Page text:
If one follows the guidance, it is unabashedly good, that is, we want to get valid weak solutions, but there is a catch. The catch is that there are literally infinitely many weak solutions, and most of them are not desirable. What we actually desire is the correct, or physically valid weak solution. This means we want a solution that is an “entropy” solution, which is essentially the limiting solution to the hyperbolic PDE with vanishing dissipation. This leads to numerical dissipation (i.e., things like artificial viscosity) to create the entropy needed to select physically relevant solutions.
The simpliest hyperbolic PDE where this issue comes to a head is Burgers’ equation with an associated upwind discretization assuming the velocity is positive,
which can be rewritten equivalently as
Equations (1) and (2) are identical if and only if the solution is continuously differentiable (and in the limit where error is small), which is not true at a discontinuity. What the conservation form means effectively that one is sure the amount of stuff (u) that leaves on cell on the mesh exactly enters the next cell. This allows all the fluxes on the interior of the mesh to telescopically cancel leaving only the boundary terms, and provides a direct approximation to the weak form of the PDE. Thus the numerical approximation will exactly mimic the dynamics of a weak solution. For this reason we want to solve (1) and not (2) because it is in conservation form. With this theorem, the use of conservation form went from mere suggestion, to an iron clad recommendation.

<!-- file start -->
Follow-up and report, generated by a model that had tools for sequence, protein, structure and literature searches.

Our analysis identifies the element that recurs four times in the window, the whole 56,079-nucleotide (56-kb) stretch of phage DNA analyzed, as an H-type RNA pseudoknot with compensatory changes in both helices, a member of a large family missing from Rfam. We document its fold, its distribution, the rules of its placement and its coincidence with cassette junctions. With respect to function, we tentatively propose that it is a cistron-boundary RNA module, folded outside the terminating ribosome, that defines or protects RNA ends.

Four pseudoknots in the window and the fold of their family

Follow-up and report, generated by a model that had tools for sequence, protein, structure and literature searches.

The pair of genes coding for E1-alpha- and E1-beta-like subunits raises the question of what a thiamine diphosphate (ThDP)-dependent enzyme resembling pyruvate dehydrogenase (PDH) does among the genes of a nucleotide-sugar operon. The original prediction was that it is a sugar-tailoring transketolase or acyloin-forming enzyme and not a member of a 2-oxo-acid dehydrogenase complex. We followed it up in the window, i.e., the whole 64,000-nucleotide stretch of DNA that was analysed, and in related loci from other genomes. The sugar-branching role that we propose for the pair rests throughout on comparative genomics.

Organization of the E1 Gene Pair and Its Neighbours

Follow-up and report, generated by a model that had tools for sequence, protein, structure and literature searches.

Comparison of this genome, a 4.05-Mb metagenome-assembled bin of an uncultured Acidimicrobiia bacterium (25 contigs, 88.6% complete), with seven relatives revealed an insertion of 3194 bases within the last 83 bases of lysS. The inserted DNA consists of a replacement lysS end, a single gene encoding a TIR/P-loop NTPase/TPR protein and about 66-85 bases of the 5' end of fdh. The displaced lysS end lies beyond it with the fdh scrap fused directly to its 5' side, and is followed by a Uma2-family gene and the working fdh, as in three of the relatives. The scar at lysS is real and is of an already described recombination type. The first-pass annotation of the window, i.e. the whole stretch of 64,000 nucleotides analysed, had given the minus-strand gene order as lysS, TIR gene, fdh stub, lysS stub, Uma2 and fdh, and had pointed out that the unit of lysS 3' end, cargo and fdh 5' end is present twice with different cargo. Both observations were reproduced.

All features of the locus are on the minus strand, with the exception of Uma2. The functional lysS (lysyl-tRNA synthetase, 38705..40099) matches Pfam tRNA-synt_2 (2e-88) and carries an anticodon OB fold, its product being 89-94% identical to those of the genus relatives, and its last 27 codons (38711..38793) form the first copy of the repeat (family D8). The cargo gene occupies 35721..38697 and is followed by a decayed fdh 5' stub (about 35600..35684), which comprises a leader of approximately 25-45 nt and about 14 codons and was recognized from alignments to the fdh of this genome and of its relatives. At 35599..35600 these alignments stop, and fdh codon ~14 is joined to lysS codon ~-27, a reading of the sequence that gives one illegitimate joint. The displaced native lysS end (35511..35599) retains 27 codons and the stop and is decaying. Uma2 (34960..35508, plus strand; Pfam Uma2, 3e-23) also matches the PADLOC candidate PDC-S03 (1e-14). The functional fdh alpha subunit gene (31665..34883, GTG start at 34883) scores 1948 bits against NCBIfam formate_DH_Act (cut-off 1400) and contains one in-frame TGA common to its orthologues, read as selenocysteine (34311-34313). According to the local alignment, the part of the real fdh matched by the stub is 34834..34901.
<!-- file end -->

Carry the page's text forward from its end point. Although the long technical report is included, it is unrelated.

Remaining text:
For a general conservation law the conservation form gives,
which generalizes to higher order methods depending on how the cell-edge fluxes are defined. The last bit of detail is picking the right weak solution since there are an infinite number of them. This depends on numerical dissipation, which mimics the dynamics of vanishingly small physical viscosity. The presence of viscosity produces entropy as demanded by the second law of thermodynamics. The inclusion of sufficient dissipation will choose a unique physically relevant solution to the conservation law.